In contrast to the treatment of melanoma or lung cancer, for instance, immunotherapy in the form of checkpoint inhibitors does not yet form part of the standard toolkit in the treatment of breast cancer. This has a number of causes, explains Marleen Kok. "To start with, breast cancer is a disease with a relatively favourable prognosis for which many effective forms of treatment already exist. This makes the need for research into new treatments, including immunotherapy, less urgent than it originally was for metastatic melanoma or lung cancer. But at least as significant is the fact that breast tumours form a less straightforward target for checkpoint inhibitors than do melanomas and lung tumours. After all, these inhibitors work by strengthening the body's existing immune response against the tumour, and this is exactly what may be absent in many breast tumour cases. In the absence of a strong endogenous immune response to the tumour, there isn't much for checkpoint inhibitors to do. What isn't there, can't be strengthened."
This does not, however, imply that the use of checkpoint inhibitors could never be successful in the treatment of breast cancer. "In the studies that have been carried out into the use of checkpoint inhibitors for breast cancer, a small percentage of the patients did, in fact, show a long-term response," Kok notes. "For triple negative breast tumours in particular, clinically relevant results were obtained in the first-line use of checkpoint inhibitors." It is not so strange that it was the triple negative breast tumours that responded comparatively well to checkpoint inhibitors: "Triple negative breast tumours generally contain relatively large numbers of tumour-specific cytotoxic lymphocytes, so-called TILs," Professor Christine Desmedt (KU Leuven, Belgium) explained in an earlier lecture at the 17th Bossche Mamma Congress. "And the presence of TILs in the tumour is a good indicator of success in treatment using checkpoint inhibitors."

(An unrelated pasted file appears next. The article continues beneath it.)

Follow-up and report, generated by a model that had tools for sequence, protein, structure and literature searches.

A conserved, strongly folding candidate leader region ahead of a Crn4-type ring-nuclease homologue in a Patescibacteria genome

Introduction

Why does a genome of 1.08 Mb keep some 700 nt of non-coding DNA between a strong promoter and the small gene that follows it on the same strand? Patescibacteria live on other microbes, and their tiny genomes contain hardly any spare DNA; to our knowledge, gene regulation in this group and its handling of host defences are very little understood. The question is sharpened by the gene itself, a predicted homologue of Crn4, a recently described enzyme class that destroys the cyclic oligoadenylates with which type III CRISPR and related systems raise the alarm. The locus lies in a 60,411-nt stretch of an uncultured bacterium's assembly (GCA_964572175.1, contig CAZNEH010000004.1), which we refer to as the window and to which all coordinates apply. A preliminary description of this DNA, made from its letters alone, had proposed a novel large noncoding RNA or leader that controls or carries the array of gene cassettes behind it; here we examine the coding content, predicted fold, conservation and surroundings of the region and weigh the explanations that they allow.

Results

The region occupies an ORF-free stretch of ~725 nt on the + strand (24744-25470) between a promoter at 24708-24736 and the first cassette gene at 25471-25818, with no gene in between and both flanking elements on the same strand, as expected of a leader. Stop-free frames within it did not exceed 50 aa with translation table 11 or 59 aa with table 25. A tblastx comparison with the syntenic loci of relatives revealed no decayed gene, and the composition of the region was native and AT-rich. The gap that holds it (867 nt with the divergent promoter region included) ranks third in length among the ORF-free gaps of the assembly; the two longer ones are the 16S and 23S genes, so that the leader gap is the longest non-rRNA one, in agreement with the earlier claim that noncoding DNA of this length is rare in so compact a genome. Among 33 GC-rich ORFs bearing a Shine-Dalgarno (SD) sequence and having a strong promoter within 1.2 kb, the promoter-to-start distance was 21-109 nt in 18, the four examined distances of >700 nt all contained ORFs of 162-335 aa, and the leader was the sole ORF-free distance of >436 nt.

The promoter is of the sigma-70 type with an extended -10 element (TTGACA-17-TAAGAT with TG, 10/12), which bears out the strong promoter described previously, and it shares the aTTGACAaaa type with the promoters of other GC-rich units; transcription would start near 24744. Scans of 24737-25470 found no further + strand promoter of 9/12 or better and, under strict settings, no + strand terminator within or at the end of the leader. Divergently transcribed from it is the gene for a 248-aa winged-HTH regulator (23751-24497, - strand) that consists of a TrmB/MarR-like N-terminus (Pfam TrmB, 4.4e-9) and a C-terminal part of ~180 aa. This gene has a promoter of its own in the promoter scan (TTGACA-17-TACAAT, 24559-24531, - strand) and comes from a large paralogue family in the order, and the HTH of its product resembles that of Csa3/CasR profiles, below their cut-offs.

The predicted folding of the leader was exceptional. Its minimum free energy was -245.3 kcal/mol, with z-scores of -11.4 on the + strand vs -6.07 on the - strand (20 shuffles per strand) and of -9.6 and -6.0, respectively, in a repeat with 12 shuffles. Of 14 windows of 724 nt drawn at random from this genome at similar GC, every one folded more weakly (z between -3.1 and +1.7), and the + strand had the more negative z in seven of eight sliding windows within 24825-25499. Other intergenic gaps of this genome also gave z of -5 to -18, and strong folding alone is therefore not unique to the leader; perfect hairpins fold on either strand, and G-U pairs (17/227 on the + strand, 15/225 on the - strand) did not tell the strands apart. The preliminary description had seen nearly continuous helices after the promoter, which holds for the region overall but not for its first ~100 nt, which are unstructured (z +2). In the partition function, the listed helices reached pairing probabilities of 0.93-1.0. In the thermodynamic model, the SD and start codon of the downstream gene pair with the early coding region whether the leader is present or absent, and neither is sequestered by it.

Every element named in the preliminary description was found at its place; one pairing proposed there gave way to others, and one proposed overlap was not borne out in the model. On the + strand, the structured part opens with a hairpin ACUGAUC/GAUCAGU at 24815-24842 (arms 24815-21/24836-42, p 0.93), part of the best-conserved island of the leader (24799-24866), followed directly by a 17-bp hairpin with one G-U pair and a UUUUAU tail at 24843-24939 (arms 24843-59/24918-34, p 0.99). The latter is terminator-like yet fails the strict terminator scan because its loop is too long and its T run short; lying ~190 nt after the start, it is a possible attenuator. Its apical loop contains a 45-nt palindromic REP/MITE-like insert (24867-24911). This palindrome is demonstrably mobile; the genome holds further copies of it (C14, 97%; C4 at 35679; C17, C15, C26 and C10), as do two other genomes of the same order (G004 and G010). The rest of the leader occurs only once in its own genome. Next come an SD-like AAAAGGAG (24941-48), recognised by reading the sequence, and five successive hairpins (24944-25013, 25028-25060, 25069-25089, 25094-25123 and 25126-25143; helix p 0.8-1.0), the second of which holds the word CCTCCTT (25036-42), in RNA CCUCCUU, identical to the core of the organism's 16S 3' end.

For instance, in the KEYNOTE-173 study, in which women with triple negative breast cancer were given neoadjuvant treatment with the checkpoint inhibitor pembrolizumab (plus chemotherapy or placebo), the degree of pathologically complete response (pCR) to the neoadjuvant treatment was correlated with the number of TILs in the tumour. "The tumours of patients showing a pCR contained a relatively large number of TILs, both at the start of neoadjuvant treatment, but particularly during this treatment." Desmedt showed that in the metastatic setting, too, a clear correlation existed between the number of TILs and survival rates during/after treatment with a checkpoint inhibitor.